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November 1969

Identity: Youth and Crisis.

Arch Gen Psychiatry. 1969;21(5):635-636. doi:10.1001/archpsyc.1969.01740230123023

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Erik H. Erikson is a psychoanalyst and an anthropologist of international stature. His works have served, over the past decades, as some of the best examples of scholarly and clinical work which linked individual psychological maturation and development with social process. His concept of modal adaptive tasks at phase specific stages of life has not only been proved as a process analysis of normal behavior but allows a cross-sectional analysis throughout life. Among his more original concepts is the description of the process which he called ego-identity. Ego identity is Erikson's attempt to link the internal psychological make-up of the individual with the environment which is social reality. Since identity, according to Erikson, is formed during adolescence and consolidated at the end of adolescence, much of his writings on the subject of identity concerns youth.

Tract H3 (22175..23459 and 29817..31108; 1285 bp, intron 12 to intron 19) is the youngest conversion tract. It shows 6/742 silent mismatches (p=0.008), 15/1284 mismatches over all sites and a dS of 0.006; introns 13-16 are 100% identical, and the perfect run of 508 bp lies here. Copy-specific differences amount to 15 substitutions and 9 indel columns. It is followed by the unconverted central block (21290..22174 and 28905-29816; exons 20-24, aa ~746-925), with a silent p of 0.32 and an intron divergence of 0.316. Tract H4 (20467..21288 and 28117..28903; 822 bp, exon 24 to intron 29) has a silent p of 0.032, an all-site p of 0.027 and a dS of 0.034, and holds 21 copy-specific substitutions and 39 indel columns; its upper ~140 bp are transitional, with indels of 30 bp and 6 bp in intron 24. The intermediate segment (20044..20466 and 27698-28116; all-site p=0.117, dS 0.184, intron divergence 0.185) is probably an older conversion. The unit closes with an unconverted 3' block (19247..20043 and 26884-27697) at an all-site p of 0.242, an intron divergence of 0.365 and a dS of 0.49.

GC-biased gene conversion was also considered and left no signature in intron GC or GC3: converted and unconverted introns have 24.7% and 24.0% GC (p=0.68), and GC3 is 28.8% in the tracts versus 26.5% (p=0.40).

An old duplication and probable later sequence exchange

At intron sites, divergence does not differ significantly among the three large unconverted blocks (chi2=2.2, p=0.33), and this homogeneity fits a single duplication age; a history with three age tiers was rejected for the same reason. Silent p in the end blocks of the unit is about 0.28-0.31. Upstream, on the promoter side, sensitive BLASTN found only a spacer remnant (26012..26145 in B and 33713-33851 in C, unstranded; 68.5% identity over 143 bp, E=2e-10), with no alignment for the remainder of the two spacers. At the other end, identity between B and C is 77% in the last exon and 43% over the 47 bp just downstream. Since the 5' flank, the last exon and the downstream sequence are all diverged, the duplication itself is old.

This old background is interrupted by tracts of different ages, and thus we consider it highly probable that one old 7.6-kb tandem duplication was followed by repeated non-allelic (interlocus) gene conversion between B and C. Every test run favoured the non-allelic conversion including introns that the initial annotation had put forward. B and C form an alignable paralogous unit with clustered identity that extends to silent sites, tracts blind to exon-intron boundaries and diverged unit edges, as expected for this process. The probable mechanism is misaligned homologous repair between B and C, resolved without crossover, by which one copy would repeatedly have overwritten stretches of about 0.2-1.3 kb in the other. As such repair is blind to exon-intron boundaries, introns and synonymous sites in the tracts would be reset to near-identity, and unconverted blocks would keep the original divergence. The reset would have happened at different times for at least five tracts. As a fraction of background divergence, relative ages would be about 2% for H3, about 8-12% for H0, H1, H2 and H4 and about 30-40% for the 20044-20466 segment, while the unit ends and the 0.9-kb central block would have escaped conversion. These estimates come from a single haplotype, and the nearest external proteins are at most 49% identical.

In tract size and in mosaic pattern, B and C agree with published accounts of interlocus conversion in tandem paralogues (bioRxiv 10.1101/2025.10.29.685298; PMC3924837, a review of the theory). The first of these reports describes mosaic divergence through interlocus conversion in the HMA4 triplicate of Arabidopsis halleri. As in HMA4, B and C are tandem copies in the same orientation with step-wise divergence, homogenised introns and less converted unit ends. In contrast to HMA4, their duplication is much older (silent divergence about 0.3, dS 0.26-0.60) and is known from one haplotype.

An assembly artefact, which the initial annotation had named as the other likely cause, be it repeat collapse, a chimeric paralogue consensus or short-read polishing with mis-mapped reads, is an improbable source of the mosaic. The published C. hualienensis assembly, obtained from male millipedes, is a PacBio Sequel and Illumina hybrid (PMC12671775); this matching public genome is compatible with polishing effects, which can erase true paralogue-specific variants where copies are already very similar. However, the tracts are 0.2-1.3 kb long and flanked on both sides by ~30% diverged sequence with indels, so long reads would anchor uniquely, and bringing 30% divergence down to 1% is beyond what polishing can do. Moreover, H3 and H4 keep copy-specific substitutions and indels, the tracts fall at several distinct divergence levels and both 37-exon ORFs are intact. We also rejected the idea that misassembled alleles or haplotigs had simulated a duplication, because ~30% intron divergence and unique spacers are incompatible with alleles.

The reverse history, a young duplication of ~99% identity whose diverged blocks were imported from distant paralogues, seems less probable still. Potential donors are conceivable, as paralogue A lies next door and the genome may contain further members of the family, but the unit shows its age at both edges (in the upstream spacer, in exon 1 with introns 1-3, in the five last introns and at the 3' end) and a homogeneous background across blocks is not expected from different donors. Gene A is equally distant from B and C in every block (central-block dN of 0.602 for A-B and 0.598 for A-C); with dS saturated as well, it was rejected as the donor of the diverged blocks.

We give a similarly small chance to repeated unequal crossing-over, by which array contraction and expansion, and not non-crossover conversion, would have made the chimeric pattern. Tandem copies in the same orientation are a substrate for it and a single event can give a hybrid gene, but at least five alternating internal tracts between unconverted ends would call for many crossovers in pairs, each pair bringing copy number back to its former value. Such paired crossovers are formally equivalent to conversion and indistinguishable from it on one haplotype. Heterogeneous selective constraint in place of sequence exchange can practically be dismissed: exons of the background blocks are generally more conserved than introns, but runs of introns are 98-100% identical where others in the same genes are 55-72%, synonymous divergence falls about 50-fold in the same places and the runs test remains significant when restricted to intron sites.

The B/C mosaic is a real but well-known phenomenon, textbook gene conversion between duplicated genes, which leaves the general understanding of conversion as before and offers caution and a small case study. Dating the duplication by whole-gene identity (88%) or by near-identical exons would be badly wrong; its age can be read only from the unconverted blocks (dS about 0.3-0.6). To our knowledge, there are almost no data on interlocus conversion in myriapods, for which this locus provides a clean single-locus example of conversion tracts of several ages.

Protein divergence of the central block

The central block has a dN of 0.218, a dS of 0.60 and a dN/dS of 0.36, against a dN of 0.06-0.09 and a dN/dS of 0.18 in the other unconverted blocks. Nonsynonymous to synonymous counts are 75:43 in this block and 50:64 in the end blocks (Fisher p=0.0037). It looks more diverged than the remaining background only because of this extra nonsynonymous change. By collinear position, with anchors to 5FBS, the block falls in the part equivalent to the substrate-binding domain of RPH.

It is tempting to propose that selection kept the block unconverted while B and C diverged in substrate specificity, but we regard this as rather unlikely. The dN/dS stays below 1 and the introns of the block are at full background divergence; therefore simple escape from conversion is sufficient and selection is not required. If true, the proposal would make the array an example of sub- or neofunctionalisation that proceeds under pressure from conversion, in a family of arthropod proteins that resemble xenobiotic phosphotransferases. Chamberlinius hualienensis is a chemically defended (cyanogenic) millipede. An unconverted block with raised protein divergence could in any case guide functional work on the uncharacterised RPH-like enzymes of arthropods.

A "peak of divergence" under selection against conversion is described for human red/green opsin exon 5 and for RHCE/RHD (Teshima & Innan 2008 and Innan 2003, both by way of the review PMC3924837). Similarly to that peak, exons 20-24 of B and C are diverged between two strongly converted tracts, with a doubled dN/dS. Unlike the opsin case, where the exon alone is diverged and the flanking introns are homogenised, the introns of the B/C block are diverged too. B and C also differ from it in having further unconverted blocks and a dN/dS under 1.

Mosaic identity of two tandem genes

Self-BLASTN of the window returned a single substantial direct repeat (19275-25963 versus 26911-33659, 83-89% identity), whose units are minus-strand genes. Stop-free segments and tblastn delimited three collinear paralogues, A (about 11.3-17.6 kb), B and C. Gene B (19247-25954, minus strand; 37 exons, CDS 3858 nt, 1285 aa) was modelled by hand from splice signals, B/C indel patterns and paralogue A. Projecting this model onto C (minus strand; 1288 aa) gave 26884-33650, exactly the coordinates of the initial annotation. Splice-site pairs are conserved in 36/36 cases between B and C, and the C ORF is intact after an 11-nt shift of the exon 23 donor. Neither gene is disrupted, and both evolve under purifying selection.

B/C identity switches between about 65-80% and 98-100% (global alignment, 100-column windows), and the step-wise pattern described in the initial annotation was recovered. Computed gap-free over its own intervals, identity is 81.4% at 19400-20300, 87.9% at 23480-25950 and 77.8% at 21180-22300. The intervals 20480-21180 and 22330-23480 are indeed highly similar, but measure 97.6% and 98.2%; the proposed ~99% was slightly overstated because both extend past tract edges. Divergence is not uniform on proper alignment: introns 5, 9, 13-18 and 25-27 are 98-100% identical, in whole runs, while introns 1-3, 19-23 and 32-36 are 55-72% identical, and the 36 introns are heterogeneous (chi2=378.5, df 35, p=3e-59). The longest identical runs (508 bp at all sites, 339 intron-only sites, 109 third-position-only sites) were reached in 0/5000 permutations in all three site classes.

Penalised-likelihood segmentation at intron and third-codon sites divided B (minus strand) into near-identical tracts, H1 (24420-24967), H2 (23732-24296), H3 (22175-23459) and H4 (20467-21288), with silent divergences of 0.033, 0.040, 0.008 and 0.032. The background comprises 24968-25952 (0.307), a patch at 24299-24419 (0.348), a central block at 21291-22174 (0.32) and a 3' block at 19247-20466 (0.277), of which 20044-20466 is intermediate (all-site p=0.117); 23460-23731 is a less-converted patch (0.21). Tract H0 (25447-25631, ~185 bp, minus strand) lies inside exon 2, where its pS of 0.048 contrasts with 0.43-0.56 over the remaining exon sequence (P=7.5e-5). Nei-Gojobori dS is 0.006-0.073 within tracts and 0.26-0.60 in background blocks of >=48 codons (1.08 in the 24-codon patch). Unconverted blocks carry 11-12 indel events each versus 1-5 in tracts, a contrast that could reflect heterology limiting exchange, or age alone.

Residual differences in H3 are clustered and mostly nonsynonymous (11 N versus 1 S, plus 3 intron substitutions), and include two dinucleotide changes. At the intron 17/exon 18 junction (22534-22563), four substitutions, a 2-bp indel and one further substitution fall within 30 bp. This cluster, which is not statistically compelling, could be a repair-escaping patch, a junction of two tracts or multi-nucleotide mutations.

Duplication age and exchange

The purpose of the book, Identity: Youth and Crisis, is to demonstrate

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